November 28, 2012 — The United Nations General Assembly's human rights committee on Monday for the first time adopted a resolution that advocates for a global ban on female genital mutilation, the AP/Miami Herald reports.
The resolution states that the practice is harmful and a serious threat to women and girls' psychological, sexual and reproductive health. It calls on the U.N.'s 193 member states to condemn the practice and launch educational campaigns to eliminate FGM. In addition, the committee asks that all countries enact and enforce legislation against FGM.
The full General Assembly is expected to approve the resolution during the latter half of December, according to the AP/Herald. Although not legally binding, the resolution is reflective of international concerns and carries moral and political weight.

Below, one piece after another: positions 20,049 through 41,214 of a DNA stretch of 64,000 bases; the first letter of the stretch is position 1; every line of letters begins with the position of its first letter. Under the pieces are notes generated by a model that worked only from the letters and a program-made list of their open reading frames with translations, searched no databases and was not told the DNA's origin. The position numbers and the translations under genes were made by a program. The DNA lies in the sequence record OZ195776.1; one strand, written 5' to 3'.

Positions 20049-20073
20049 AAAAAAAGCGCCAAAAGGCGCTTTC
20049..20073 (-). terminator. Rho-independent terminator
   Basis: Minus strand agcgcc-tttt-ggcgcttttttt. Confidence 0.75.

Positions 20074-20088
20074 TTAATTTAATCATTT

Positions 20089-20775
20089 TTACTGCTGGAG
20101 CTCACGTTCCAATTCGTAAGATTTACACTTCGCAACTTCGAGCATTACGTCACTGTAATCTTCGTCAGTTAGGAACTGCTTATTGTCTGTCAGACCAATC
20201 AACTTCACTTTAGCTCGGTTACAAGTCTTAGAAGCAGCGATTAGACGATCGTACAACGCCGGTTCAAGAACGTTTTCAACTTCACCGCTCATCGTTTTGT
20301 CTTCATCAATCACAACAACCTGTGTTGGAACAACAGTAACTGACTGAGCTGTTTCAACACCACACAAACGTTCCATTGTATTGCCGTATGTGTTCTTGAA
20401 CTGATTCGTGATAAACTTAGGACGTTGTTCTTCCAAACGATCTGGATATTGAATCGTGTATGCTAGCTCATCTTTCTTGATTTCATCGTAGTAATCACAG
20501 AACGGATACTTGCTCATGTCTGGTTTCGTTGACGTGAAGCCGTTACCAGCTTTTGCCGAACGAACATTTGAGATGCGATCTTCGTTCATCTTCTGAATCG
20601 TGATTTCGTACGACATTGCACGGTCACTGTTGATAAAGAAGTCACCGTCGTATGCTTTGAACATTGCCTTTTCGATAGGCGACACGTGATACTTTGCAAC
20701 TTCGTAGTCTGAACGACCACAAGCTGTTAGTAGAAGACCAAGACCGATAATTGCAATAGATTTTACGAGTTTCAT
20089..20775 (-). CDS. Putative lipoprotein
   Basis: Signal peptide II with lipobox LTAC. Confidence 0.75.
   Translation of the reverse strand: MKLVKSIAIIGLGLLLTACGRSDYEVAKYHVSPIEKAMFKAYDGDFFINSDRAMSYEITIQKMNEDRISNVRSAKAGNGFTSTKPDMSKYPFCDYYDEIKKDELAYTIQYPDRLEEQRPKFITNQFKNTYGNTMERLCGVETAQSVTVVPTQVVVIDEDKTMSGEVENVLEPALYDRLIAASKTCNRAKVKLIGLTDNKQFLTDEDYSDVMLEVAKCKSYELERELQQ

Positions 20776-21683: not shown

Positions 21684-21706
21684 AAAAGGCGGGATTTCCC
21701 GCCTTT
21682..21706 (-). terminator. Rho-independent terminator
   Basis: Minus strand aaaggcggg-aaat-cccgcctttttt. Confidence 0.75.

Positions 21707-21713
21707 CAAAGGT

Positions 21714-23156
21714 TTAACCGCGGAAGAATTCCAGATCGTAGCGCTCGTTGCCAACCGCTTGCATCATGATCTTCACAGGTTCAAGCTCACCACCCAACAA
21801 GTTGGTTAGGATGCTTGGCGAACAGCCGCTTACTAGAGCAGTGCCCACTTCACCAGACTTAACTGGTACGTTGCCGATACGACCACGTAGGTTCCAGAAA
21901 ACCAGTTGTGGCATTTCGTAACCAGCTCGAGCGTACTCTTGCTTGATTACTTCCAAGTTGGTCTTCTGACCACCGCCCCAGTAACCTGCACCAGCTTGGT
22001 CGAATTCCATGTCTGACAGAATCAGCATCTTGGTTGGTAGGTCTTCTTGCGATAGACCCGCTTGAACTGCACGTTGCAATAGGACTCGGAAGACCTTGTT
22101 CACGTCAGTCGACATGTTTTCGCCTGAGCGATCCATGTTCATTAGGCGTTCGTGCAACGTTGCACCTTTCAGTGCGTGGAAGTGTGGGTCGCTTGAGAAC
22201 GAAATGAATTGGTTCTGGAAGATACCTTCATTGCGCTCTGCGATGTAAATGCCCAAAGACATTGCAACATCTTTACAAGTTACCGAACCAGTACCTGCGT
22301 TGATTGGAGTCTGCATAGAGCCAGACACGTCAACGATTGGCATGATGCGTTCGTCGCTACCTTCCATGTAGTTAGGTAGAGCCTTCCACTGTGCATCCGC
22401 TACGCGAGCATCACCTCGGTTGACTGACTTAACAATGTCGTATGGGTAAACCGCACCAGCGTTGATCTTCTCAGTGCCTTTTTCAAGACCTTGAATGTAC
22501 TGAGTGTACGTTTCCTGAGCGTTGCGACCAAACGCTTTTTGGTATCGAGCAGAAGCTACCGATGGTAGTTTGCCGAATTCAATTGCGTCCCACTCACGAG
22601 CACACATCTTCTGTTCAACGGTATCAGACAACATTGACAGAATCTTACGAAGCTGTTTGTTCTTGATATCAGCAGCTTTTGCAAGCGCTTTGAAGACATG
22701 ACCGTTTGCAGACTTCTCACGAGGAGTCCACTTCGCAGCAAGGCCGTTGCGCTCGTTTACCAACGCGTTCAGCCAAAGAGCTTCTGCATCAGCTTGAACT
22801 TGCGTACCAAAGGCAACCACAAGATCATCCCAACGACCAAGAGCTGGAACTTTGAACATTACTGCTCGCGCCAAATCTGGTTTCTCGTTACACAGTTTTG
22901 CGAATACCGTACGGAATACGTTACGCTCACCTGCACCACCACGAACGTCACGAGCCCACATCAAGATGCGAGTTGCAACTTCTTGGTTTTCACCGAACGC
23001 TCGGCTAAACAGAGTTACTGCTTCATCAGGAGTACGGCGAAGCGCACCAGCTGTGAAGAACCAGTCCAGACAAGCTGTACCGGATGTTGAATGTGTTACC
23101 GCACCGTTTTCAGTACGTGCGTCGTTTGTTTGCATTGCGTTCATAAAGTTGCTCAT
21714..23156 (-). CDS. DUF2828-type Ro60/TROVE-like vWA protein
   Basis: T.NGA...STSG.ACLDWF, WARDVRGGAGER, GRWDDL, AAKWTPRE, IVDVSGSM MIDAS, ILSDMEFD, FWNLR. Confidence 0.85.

The U.N. estimated that in 2010 about 70 million women and girls were subjected to FGM, while the World Health Organization said that about 6,000 undergo FGM daily. According to Amnesty International, the procedure is common in 28 African countries, as well as in Yemen, Iraq, Indonesia and among some ethnic groups in South America (Lederer, AP/Miami Herald, 11/26).
Debra Ness, publisher & president, National Partnership
Andrea Friedman, associate editor & director of reproductive health programs, National Partnership
Melissa Safford, associate editor & policy advocate for reproductive health, National Partnership
Perry Sacks, assistant editor & health program associate, National Partnership
Cindy Romero, assistant editor & communications assistant, National Partnership
Justyn Ware, editor
Amanda Wolfe, editor-in-chief
Heather Drost, Hanna Jaquith, Marcelle Maginnis, Ashley Marchand and Michelle Stuckey, staff writers
Tucker Ball, director of new media, National Partnership